Following Christ

The Sunday of Adam’s Expulsion from Heaven is an opportunity of repentance. After the fall, as Saint Maximus the Confessor says, people fell ill from ignorance of the cause of sin and, in general, of reality. Although, paradoxically, even though Adam made a mistake, and we as people all make mistakes following him, it is very difficult for us to come to repentance. It’s paradoxical; the more sins a person commits, the harder it is for him to repent. We would say it should be the other way around, but, paradoxically, it is not. Repentance is not natural to Adam, and we repeat the Adamic behavior. When Adam did wrong, he justified himself; he did not admit his fault. We all do that. Therefore, the Lord, knowing that there is no way to expect fruits of repentance from us, shows us another way. He comes and shows us how to repent. He behaves as a slave of God all the way to the cross (Philippians 2:8), and then He asks of us: “stay a bit here near me or imitate my actions a bit.” As he asked the apostles in the garden of Gethsemane: “My soul is exceedingly sorrowful, even to death. Stay here and watch with Me.” (cf. Matthew 26:38). This is what the God-Man asks of us.

Therefore, this is the strategy He found to bring us back to Him: He comes, and then He goes down, down to the Cross, repenting for us, and then He asks us, “come and help Me a bit.” Although it is for us that He is there.

In practice, we notice that repentance is a bit distant, foreign to us, even though we are sinners. This is because sin comes with insensibility. It blinds us, as I said, we are sick with ignorance, we don’t know what has happened to us, how sick we are. The Lord on the Cross shows us how sick we are. We would not have known.

Therefore, since we cannot bring the repentance that we need to bring, He appeals to our mercy: “For My sake, come with Me, do not leave Me alone… Do this for Me….” And as such, we learn repentance. And as such, man wins. Even if the evil one blocks the way to repentance, mercy and love are available to every sinner and that is why the Lord appeals to those qualities.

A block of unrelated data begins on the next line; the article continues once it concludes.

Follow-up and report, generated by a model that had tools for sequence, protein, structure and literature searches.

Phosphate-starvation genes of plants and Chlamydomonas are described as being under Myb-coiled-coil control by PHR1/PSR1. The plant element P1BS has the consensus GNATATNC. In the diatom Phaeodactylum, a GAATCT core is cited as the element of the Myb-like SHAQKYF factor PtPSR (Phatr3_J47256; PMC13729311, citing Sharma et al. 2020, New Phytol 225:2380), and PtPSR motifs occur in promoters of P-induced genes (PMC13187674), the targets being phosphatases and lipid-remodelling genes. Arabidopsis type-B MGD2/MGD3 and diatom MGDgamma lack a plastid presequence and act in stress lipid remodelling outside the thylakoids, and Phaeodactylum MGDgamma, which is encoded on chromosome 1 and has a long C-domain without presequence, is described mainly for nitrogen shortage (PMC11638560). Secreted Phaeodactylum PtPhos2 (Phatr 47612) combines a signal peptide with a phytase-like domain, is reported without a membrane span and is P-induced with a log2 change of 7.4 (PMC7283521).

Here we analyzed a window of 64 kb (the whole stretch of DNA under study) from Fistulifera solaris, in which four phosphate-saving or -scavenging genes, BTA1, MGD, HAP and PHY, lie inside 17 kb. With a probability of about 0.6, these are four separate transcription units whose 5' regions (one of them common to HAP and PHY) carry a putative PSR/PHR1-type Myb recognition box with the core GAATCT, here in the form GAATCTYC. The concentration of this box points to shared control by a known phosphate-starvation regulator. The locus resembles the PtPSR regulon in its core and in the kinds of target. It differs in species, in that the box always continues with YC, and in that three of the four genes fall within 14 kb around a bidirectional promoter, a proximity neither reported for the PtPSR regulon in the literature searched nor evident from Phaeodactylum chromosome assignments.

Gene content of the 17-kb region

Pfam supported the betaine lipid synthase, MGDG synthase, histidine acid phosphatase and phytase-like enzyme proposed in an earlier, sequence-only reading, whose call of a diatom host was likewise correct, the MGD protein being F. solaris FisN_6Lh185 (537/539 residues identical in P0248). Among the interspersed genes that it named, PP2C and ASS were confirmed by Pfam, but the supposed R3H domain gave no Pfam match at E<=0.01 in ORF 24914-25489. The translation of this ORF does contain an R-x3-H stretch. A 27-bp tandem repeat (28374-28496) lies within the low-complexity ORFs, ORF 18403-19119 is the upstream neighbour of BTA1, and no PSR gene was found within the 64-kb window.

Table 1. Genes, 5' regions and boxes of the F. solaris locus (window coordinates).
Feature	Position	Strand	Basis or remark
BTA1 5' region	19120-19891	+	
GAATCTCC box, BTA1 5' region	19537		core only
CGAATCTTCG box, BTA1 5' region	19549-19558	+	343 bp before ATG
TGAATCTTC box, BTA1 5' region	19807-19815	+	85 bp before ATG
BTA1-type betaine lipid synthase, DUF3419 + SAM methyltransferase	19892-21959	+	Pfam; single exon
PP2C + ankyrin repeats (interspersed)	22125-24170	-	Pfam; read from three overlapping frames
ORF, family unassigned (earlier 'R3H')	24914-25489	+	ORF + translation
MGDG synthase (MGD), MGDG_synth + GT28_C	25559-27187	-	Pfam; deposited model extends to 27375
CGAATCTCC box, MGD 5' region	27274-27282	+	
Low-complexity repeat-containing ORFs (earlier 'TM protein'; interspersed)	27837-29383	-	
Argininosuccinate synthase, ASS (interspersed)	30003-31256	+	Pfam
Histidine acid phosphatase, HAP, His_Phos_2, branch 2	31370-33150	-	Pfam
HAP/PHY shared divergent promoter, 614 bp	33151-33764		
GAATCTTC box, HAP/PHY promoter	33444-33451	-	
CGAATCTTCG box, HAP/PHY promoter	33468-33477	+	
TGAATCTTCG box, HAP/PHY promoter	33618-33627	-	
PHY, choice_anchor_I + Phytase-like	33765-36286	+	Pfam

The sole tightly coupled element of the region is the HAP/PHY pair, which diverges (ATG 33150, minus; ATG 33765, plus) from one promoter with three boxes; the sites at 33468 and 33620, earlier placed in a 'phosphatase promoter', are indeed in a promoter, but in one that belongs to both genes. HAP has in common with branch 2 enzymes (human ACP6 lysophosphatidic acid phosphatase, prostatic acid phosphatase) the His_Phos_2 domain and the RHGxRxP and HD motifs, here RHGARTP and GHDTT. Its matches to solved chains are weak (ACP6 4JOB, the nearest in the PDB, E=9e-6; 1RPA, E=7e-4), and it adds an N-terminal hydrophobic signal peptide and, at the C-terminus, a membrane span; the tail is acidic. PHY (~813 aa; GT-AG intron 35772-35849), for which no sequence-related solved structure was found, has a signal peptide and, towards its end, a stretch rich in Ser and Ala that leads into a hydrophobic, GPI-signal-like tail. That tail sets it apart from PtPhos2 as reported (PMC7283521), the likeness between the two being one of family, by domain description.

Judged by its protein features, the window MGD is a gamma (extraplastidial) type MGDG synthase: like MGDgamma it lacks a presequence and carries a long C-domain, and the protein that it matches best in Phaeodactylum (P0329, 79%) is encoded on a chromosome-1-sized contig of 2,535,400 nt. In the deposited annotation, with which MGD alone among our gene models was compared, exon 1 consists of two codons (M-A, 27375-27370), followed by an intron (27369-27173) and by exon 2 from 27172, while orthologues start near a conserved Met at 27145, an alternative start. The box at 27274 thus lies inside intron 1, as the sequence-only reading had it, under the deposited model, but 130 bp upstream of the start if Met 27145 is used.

We could learn from the good thief on the cross. Although he started like the other; that is, like the man who sinned and then suffers a whole life and doesn’t know why he suffers and is also bitter, frustrated, grumbling, however everyone deals with their suffering. But then, he sees Christ in their midst, who behaves differently. He was neither frowning, nor outraged, nor grumbling, even though He suffered more than them, He was more disfigured than the two of them. Yet, there was nothing similar between them standing on the cross. And that converted him. The thief realized that He, Christ, was something else. Then he came to himself and said those words to Him. He realizes in the first place that what he suffers is his own fault, as we should also realize, and that that Man suffers more than they do. Two great truths that we too must understand and help ourselves. And it shows the fact that the Lord suffers more than us; unjustly. That should also be in the fasting. The Lord suffered more than my total fasting or whatever I am doing in fasting. And this should be the spirit in which we dwell, for it is life-giving.

After this robber recognizes the Lord, no one takes away his suffering, he remains on the cross, but after that he stood straighter on the cross, better. He realized what dignity he can have as a man. He stood up on his cross, so to speak. Likewise, should we. We learn from Christ how to experience suffering in this life. And He gives us the best reason to do it: for His sake! “Take whatever weight comes in life and bear it for Me, please.” This is how we cut off evil. And the Lord did all this. He abolished all justice, and He took all the blame on Himself. “Do the same, please.” This saves us from all evil. This is our way out of the bondage of sin.